It’s been nearly two years since the Blue Creek Wind Farm, consisting of 152 turbines on 80 square miles in western Ohio’s Paulding and Van Wert counties, went online. But Ohio’s first and still largest wind-power facility didn’t rise out of western Ohio’s farmlands overnight.
“The very first thing in the development was site research in the fall of 2006, followed by interconnection with the AEP transmission line. In 2007 we gathered wind data and we were busy in 2008 talking to landowners. Construction began in 2010,” said Dan Litchfield, a developer for Blue Creek’s operator, Iberdrola Renewables of Portland, Ore.
“There was some opposition from the community in the beginning, but it wasn’t significant,” he said.
“The majority was pretty open-minded about the project, and they’re very happy with it now. You’re not going to please everybody. I spent a lot of time answering questions, which was really more about education because wind energy is so new to people.”
After taking the unusual step of building the facility before it had any customers for its power, because Iberdrola, with world headquarters in Spain, evidently has some deep pockets, the company eventually landed Blue Creek three takers.
First Energy Solutions is Blue Creek’s biggest customer, followed by American Municipal Power, with the final third of the wind farm’s power going to the wholesale market on the electrical grid.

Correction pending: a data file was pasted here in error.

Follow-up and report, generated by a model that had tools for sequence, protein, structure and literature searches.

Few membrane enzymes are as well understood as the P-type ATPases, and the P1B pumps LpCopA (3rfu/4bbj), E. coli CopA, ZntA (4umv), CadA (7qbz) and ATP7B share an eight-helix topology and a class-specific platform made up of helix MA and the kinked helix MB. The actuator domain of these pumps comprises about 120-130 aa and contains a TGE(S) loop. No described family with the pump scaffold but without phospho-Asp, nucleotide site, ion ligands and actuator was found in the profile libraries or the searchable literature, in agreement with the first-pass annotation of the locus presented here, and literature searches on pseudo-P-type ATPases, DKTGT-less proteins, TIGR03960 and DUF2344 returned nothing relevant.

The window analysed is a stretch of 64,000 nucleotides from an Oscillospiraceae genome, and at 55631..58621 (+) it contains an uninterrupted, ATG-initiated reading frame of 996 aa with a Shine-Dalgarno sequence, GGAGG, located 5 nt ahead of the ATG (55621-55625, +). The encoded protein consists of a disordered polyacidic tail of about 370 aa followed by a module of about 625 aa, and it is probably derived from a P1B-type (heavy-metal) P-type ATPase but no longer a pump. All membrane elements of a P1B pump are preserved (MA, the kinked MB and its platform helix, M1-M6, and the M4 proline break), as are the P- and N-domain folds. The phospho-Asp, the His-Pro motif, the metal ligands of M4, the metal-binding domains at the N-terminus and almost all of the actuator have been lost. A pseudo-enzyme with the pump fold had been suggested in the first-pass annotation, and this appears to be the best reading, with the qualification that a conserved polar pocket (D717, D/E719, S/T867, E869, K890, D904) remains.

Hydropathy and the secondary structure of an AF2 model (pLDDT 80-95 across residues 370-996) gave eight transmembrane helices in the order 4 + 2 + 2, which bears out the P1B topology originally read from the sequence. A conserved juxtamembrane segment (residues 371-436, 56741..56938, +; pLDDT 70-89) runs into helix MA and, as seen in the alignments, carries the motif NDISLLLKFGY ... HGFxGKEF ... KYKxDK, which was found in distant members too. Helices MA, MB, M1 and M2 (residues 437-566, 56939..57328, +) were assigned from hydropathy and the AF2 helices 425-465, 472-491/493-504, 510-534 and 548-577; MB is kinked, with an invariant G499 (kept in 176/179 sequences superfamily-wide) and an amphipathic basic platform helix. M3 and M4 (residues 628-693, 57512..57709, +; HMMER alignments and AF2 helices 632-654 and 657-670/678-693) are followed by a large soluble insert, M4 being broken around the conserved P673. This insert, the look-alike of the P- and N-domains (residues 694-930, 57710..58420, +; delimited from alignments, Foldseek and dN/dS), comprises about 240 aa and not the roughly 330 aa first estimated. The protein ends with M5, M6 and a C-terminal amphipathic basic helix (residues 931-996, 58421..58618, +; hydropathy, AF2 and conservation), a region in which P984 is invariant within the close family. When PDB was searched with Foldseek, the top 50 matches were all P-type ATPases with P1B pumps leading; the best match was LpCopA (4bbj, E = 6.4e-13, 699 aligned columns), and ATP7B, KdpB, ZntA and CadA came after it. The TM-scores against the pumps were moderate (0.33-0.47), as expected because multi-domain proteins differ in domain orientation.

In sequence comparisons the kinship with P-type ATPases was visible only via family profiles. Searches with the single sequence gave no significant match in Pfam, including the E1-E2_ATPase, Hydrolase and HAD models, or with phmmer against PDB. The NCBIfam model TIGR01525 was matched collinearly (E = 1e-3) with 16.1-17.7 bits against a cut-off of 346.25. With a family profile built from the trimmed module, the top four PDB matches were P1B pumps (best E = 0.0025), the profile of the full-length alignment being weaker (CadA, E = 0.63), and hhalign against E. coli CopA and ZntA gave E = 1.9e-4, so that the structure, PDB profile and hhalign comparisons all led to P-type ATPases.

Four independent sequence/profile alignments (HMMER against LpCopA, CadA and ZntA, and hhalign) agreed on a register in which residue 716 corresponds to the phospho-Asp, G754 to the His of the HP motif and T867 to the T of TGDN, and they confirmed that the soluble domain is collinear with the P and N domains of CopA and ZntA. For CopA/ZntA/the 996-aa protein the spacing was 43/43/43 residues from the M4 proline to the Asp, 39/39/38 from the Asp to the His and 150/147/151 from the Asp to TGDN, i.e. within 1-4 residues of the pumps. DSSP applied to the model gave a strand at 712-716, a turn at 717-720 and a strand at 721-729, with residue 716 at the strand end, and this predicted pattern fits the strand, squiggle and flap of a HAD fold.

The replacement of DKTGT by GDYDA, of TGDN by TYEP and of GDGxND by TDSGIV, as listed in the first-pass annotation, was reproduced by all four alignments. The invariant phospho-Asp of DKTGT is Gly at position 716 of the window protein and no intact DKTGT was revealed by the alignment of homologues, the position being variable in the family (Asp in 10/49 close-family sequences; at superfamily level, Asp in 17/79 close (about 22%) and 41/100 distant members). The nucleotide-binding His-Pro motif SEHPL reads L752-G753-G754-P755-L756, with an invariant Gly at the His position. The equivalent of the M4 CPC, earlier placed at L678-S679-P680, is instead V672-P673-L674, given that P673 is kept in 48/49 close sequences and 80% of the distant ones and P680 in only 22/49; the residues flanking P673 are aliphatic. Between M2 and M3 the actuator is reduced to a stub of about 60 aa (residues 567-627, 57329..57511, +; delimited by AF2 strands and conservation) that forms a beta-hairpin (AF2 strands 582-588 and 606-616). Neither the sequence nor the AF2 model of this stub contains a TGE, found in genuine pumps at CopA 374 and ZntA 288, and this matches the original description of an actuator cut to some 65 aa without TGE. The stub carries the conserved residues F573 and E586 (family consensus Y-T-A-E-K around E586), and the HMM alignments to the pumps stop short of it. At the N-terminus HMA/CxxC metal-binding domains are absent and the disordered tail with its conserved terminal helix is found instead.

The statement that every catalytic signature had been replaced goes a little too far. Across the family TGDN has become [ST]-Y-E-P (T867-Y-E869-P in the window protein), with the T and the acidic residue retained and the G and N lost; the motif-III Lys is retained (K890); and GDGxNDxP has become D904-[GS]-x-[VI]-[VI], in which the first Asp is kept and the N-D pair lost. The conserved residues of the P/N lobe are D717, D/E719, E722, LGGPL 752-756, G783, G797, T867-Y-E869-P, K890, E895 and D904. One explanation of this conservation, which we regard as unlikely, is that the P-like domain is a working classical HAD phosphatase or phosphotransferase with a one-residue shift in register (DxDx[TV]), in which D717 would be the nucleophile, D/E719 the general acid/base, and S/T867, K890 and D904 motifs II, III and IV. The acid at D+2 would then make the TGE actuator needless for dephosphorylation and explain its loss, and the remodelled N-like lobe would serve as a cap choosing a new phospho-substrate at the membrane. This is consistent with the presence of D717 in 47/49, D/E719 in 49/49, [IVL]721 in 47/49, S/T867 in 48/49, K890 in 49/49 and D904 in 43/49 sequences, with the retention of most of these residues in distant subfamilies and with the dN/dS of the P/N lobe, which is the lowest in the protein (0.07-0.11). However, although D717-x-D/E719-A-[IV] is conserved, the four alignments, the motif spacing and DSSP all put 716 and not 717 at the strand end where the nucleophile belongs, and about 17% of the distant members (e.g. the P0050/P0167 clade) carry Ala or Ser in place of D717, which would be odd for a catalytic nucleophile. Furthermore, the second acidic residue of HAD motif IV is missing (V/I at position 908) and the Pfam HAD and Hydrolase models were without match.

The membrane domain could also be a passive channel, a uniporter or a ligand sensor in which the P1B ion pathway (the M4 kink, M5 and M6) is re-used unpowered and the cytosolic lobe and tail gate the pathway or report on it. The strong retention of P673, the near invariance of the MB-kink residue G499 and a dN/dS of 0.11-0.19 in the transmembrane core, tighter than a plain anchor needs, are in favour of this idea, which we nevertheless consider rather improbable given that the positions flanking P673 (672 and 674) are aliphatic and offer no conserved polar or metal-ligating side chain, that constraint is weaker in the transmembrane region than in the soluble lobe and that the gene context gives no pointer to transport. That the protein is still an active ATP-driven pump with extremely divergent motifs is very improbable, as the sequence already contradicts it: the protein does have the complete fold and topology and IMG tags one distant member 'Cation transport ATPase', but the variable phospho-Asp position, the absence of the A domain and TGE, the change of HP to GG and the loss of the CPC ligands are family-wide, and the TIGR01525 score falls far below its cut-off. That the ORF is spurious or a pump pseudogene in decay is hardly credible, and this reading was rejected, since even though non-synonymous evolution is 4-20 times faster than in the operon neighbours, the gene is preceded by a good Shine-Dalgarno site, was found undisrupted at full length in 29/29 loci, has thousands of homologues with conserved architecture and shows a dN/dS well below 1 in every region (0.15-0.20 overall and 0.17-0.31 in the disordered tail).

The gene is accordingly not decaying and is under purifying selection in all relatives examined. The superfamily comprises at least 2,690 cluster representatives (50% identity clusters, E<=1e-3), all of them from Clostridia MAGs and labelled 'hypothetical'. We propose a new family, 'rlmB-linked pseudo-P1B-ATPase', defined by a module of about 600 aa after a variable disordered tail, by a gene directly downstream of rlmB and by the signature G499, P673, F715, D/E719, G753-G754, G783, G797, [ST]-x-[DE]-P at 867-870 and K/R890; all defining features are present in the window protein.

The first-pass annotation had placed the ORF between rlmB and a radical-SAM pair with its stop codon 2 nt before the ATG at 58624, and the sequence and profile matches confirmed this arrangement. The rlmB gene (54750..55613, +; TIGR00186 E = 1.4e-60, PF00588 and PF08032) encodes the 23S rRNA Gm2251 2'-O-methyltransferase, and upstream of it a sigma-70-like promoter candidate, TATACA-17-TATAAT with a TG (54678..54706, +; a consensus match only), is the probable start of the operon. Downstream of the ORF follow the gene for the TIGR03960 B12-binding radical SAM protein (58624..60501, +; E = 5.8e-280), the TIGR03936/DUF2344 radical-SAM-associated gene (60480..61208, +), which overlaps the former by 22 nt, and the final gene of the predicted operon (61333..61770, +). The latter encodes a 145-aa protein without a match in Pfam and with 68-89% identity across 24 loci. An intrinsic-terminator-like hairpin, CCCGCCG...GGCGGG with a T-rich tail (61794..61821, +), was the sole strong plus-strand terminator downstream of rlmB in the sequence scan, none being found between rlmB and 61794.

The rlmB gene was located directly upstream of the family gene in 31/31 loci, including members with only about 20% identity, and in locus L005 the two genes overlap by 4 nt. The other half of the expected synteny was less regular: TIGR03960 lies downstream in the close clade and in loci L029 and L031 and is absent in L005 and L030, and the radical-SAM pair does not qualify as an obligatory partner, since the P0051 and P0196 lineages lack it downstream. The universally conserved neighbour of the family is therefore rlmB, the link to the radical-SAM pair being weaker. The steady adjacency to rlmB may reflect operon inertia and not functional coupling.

“All the towns in the area are getting a slice of the output,” Litchfield said.
In addition, Blue Creek is under contract to sell 50 megawatts of its power to The Ohio State University’s Columbus campus, which will meet 25 percent of its electricity needs through the 20-year deal.
“OSU and AMP were not obligated to choose us. They did so for their own reasons, to help meet their environmental goals. When 25 percent of your energy prices are fixed, that’s good hedging against your overall prices. It’s a prudent thing to do,” Litchfield said.
He said Iberdrola is pursuing two more wind projects in western Ohio. A facility called Dog Creek will go in the ground close to Blue Creek, while another is planned near the village of Leipsic in Putnam County.
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